So basically question asks is w>7?

(1) w>5 not sufficient.

(2) \frac{10-w}{10}*\frac{10-w-1}{9}<\frac{1}{10} --> (10-w)(9-w)<9 --> w>6, not sufficient

(1)+(2) w>5, w>6 not sufficient

Answer E.

hi, since from basic data we find that w>7 and 2. statemant state that at least 2 men are there out of 10 ........ it is asking that . probability of choosing 2 men is 1/10 . ie. atleast 2 men are there. .... so, now combining w>7 and two men the only option left is w=8. hence ans is B

OA for this question is E. The problem with your solution is that we are not given that w>7, in fact we are asked to find whether this is true. _________________

Re: If 2 different representatives [#permalink]
12 Jul 2010, 10:47

Bunuel wrote:

sagarsabnis wrote:

If 2 different representatives are to be selected at random from a group of 10 employees and if p is the probability that both representatives selected will be women, is p > 1/2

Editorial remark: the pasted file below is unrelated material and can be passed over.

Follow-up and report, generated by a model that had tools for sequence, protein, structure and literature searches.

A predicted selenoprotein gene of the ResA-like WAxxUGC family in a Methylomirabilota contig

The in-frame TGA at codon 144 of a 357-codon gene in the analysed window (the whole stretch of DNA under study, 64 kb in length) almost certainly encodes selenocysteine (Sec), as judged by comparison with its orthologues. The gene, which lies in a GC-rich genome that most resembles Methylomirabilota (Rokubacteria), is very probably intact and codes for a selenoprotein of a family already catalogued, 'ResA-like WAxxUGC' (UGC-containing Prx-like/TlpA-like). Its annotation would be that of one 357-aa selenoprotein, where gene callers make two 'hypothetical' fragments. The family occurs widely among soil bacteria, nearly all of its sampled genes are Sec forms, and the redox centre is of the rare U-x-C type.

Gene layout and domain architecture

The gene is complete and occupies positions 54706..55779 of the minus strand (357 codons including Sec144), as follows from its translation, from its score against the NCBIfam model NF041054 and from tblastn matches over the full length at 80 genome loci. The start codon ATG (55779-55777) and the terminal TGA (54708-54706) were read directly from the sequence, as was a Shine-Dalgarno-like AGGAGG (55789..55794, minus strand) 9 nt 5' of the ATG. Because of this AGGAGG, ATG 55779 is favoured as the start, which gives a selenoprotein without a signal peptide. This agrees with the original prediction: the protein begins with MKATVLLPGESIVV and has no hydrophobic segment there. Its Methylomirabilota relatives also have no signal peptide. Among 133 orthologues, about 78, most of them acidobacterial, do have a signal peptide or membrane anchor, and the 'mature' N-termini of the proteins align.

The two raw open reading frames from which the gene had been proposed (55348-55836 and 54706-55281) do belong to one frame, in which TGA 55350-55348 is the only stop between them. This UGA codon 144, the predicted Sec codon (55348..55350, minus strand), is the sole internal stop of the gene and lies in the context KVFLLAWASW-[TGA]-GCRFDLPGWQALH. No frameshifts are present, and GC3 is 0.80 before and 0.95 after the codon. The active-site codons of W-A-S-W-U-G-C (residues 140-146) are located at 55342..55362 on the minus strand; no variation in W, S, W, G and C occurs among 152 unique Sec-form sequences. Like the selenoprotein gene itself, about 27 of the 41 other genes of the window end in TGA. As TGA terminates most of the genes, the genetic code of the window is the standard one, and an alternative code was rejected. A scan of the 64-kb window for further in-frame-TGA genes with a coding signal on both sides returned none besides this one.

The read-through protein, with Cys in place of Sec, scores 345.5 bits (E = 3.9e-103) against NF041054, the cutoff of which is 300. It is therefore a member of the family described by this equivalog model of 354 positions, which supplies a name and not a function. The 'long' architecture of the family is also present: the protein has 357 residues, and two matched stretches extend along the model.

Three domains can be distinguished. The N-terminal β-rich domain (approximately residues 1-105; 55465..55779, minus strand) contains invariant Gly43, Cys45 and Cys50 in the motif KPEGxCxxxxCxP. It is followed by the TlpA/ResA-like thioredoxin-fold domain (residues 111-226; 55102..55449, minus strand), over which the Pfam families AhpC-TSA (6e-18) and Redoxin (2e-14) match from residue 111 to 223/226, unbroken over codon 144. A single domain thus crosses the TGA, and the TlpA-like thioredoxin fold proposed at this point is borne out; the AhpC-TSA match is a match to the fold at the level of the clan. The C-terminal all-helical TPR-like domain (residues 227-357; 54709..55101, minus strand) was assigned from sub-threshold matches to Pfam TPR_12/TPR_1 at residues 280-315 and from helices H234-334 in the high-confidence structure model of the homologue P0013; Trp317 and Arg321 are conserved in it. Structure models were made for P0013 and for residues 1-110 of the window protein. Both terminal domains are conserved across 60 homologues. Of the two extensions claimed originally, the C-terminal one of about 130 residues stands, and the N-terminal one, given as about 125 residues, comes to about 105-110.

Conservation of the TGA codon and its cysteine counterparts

(1) More than 1/2 of the 10 employees are women. (2) The probability that both representatives selected will be men is less than 1/10

What is the probability of choosing 2 women out of 10 people \frac{w}{10}*\frac{w-1}{9} and this should be >1/2. So we have \frac{w}{10}*\frac{w-1}{9}>\frac{1}{2} --> w(w-1)>45 this is true only when w>7. (w # of women <=10)

So basically question asks is w>7?

(1) w>5 not sufficient.

(2) \frac{10-w}{10}*\frac{10-w-1}{9}<\frac{1}{10} --> (10-w)(9-w)<9 --> w>6, not sufficient

(1)+(2) w>5, w>6 not sufficient

Answer E.

you rock buddy

_________________

GGG (Gym / GMAT / Girl) -- Be Serious

Its your duty to post OA afterwards; some one must be waiting for that...

Re: If 2 different representatives are to be selected at random [#permalink]
02 Jul 2014, 09:34